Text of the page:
With increased use of technology in many teenager's lives, some are spending a large proportion of their day looking at TV, computer, laptop, mobile phone and tablet screens. Heavy technology use is linked to fatigue, stress and depression in young adults (Thomée, Härenstam, & Hagberg, 2011). Furthermore, high levels of screen-time combined with physical inactivity are associated with a range of health issues for young people such as obesity, metabolic syndrome, and poor mental health (Graham & Hipp 2014). Although teenage boys are typically more active than girls (Hallal, Andersen, Bull, Guthold, Haskell, & Ekelund, 2012), boys report significantly higher levels of screen-time, making them susceptible to unhealthy weight gain and poor social and emotional well-being.
Although parents report being worried about their teenagers screen-based activities, they acknowledge computers and the internet as valuable learning tools (Turow, 1999). Many education providers such as Christchurch Boys' High School are placing an increased emphasis on using technology for student learning.
Recommendations for the amount of discretionary screen time (not homework related screen time) for teenagers varies. Netsafe recommend "Good Old Fashioned parenting" when setting boundaries for technology use:
- Setting boundaries as soon as a child gets their first device means it becomes normal for internet time to be limited in your household and less difficult to enforce later on.
- Parents can also model good behaviour, perhaps agreeing to no devices at the dinner table or after a certain time at night so emails and texts don’t disrupt family time.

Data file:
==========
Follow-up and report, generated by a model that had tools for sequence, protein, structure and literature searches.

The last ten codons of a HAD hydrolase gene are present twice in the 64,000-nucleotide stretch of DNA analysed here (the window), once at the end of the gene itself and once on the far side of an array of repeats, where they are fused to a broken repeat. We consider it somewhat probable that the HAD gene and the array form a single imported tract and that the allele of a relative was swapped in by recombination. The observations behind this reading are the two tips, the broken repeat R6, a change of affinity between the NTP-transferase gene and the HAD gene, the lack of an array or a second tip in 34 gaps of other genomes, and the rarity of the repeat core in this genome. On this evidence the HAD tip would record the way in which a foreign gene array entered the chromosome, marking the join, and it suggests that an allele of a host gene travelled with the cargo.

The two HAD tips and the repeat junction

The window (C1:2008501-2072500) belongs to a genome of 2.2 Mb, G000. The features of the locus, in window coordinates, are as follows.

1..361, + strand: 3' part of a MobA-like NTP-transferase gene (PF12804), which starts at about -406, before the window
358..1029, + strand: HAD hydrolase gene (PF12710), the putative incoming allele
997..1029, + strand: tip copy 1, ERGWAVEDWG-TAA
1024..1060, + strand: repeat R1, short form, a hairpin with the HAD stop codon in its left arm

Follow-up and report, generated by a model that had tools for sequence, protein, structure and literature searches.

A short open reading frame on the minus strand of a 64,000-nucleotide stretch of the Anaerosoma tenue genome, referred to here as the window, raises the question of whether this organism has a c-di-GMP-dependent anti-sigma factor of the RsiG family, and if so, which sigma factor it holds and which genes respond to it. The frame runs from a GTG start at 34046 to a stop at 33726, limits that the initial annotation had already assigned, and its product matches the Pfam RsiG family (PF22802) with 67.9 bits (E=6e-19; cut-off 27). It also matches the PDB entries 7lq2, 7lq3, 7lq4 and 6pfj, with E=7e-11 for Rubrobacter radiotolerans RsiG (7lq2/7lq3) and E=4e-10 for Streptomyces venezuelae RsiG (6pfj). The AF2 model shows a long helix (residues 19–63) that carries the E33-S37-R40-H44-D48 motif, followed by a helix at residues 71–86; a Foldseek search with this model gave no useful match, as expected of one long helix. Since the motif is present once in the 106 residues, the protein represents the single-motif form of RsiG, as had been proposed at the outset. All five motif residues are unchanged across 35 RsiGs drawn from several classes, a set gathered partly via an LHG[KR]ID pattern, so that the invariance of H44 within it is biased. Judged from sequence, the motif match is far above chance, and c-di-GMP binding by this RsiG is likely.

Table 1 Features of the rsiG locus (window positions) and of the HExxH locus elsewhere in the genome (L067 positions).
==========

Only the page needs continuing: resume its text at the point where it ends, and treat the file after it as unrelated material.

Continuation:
- Moderation is key – try to make sure your children have plenty of other activities to balance the time they spend online. As a parent or caregiver you may be faced with anger and tantrums over this
Dr Aric Sigman recently created a report for Family First New Zealand analysing screen time in New Zealand youth. Sigman describes discretionary screen time as an emerging factor in child and adolescent health. His report highlights the dangers of too much discretionary screen time as a health and development issue. "Parents should be encouraged to monitor and control the time their children spend on hand-held computer games / media / tablets / smartphones with justification that discretionary screen time is now officially a health and development issue not merely a lifestyle / cultural one" (Sigman, 2015). Sigman recommends youth employ self-awareness and self-discipline and that 12 - 15 year olds do not exceed 1.5 – 2 hour/day of discretionary screen time and people over 16 years of age do not exceed 2 hour/day of discretionary screen time.
CPS (2003) Canadian Paediatric Society, Position Statement (PP 2003-01), Psychosocial Paediatrics Committee. Impact of media use on children and youth: Recommendations. Paediatr Child Health Vol 8 No 5 May/June 2003.
Graham, D., & Hipp, J. (2014). Emerging Technologies to Promote and Evaluate Physical Activity: Cutting-Edge Research and Future Directions. Frontiers in Public Health Front. Public Health.
Hallal, P., Andersen, L., Bull, F., Guthold, R., Haskell, W., & Ekelund, U. (2012). Global physical activity levels: Surveillance progress, pitfalls, and prospects. The Lancet, 247-257.
NZMOE 2014. Learning using digital technologies. Providing balance. November 14 2014. http://parents.education.govt.nz/secondary-school/ learning-at-school/learning-using-digital-technologies/
NZMOH 2012. Ministry of Health 2012. The Health of New Zealand Children 2011/12: Key findings of the New Zealand Health Survey. Wellington: Ministry of Health.
Sigman, Aric. We Need To Talk. Auckland: Family First New Zealand, 2015. Web. 31 Oct. 2015. Screentime In New Zealand.
Thomée, S., Härenstam, A., & Hagberg, M. (2011). Mobile phone use and stress, sleep disturbances, and symptoms of depression among young adults-a prospective cohort study. BMC public health, 11(1), 66.